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Finance minister Nirmala Sitharaman speaks on Adani, jobs, oil and crypto

ByTeam BB

Apr 17, 2023



NEW YORK: India’s finance minister Nirmala Sitharaman said the South Asian nation could buy Russian crude oil near or past the price cap imposed by the G-7 if the recent OPEC+ output cut increases energy costs.
“We will have to constantly re-figure where we get the best deal as it is a critical input for the economy,” Sitharaman said in a wideranging interview, adding that the nation will look at “affordable prices” to serve its large population.
From the sidelines of the International Monetary Fund Spring meetings in Washington, Sitharaman shared her views on India’s economic challenges, the lack of jobs, the Adani-Hindenberg saga and the government’s weak progress on privatization. Below are edited excerpts and the video conversation.
Growth
“We are making enough efforts to make sure the economy remains buoyant,” Sitharaman said. External factors, including the OPEC+ output cut and “the spillover of all the decisions” related to Russia’s war in Ukraine are “the two main things which I think I’d be more worried about than anything internal.”
She also said weakness in demand for manufacturing goods and services activity could be a drag on India’s recovery going forward.
RBI’s pause
The Reserve Bank of India has found reasonable justification to pause for now, Sitharaman said. “They are keeping a very close eye on the economy and business leaders have welcomed this pause with a sense of relief.”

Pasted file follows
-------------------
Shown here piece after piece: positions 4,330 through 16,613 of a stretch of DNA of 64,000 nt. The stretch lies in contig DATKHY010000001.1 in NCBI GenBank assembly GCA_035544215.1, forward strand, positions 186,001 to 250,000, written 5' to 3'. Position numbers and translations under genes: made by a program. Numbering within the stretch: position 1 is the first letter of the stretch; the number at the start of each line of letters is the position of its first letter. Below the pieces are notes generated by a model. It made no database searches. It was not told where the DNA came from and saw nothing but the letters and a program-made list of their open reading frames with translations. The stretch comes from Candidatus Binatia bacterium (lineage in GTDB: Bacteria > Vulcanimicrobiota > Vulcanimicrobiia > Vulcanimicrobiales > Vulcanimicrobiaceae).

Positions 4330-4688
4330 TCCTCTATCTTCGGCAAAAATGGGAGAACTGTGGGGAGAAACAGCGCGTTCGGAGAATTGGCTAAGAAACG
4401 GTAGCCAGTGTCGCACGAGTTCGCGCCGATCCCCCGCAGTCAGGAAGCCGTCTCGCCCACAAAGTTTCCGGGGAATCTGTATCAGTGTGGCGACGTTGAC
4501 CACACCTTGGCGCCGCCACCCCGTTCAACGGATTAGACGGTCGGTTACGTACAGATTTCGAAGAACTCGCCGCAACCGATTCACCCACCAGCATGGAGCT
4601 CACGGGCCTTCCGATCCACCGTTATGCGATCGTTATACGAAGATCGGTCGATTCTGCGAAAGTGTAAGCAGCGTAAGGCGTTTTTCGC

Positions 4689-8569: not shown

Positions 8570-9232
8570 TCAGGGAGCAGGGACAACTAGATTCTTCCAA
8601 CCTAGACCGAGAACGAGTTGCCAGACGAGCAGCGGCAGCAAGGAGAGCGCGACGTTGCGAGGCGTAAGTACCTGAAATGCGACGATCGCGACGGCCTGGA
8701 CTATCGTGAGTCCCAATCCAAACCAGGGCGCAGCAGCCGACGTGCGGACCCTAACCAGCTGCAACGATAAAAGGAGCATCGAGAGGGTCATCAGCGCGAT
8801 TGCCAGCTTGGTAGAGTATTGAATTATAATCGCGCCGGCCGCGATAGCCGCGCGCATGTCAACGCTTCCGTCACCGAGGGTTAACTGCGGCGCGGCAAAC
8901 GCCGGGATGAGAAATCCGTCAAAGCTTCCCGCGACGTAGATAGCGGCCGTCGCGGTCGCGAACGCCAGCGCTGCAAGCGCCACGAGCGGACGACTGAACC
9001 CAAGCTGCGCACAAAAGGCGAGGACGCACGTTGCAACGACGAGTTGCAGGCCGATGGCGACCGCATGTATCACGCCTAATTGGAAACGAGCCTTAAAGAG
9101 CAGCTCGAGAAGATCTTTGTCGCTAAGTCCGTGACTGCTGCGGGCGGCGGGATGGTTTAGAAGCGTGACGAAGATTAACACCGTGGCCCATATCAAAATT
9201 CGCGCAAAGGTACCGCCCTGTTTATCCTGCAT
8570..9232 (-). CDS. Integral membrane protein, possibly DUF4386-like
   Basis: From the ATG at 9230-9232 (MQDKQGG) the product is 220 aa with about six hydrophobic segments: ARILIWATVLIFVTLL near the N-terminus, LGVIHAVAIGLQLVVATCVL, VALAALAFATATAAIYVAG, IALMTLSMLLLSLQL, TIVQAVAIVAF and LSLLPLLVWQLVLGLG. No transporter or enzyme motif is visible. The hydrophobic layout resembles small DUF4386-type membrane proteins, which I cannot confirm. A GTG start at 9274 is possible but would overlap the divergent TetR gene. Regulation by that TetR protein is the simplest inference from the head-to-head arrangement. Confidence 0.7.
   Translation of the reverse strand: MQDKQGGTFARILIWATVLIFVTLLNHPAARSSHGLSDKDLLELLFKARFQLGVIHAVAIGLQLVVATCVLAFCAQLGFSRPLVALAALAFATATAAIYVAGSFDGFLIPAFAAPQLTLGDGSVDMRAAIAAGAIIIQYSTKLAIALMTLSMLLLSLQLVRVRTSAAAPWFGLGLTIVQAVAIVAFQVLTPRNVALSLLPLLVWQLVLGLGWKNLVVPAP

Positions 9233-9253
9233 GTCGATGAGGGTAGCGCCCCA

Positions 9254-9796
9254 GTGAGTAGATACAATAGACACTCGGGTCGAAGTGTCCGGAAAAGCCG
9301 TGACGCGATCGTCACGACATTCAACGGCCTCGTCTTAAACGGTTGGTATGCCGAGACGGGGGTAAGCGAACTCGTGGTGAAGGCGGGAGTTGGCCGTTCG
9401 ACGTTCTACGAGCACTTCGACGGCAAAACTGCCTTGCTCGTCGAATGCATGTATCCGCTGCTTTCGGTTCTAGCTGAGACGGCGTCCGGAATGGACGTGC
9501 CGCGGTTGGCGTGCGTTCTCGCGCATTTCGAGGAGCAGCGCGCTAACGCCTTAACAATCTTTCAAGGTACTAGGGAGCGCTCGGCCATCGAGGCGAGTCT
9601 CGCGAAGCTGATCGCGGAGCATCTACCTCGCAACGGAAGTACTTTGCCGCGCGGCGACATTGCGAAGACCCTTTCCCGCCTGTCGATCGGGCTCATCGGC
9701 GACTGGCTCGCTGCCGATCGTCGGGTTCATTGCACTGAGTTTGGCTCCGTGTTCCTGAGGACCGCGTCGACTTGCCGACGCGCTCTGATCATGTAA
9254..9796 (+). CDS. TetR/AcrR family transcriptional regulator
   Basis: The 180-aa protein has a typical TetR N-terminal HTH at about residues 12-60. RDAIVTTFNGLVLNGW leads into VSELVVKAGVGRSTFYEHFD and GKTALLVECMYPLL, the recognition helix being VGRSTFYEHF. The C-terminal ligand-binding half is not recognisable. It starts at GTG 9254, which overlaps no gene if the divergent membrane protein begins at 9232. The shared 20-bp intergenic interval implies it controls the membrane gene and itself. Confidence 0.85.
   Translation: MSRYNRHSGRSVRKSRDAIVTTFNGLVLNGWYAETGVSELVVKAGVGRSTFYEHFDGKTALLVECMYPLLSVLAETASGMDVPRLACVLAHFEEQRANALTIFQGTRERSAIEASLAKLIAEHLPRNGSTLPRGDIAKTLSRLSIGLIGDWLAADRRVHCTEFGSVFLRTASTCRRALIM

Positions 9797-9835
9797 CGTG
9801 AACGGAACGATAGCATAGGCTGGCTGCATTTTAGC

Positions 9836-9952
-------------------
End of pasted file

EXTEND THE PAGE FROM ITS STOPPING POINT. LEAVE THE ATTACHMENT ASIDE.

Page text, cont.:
The central bank has given a hawkish outlook for India’s inflation, but the price-gain trajectory will depend of monsoon rainfall going ahead, she said.
Fiscal glide path
“We hope to continue on the glide path,” she said, adding that the government will adhere to the budgeted target of 5.9% for the fiscal year starting April. “We have been careful.”
Privatization
In India, privatization goes through a whole lot of filters as all stakeholders have to be kept together, Sitharaman said when asked about the slow progress of stake sales in state-run firms. “The idea is not to close units down, it’s more that the government wants to get out of businesses where more equity is not possible but there’s interest outside and the economy will benefit if the companies are kept as going concern, so those considerations do take time.”
Sitharaman said the upcoming national elections may pose a hurdle. “Bids come in after a certain level of certainty comes in,” she said.
Adani saga
“Government of India stays at a distance from companies,” the minister said, adding that a Supreme Court-monitored panel will probe allegations made by the US short-seller Hindenburg Research against the Adani Group. “We think it may be inappropriate to comment even as the judiciary is having a look at it.”
Job creation
“The emphasis now is to fill vacant jobs that have already been sanctioned or available in the government,” Sitharaman said. There’s a lot of skilling happening in the private sector, she said.
Cryptocurrency
More reports show that cryptocurrencies have macro-stability implications, Sitharaman said. If there’s a consensus among G-20 members, “we will look at a broad framework and will leave it to each country to adopt their own legislative framework,” she said.





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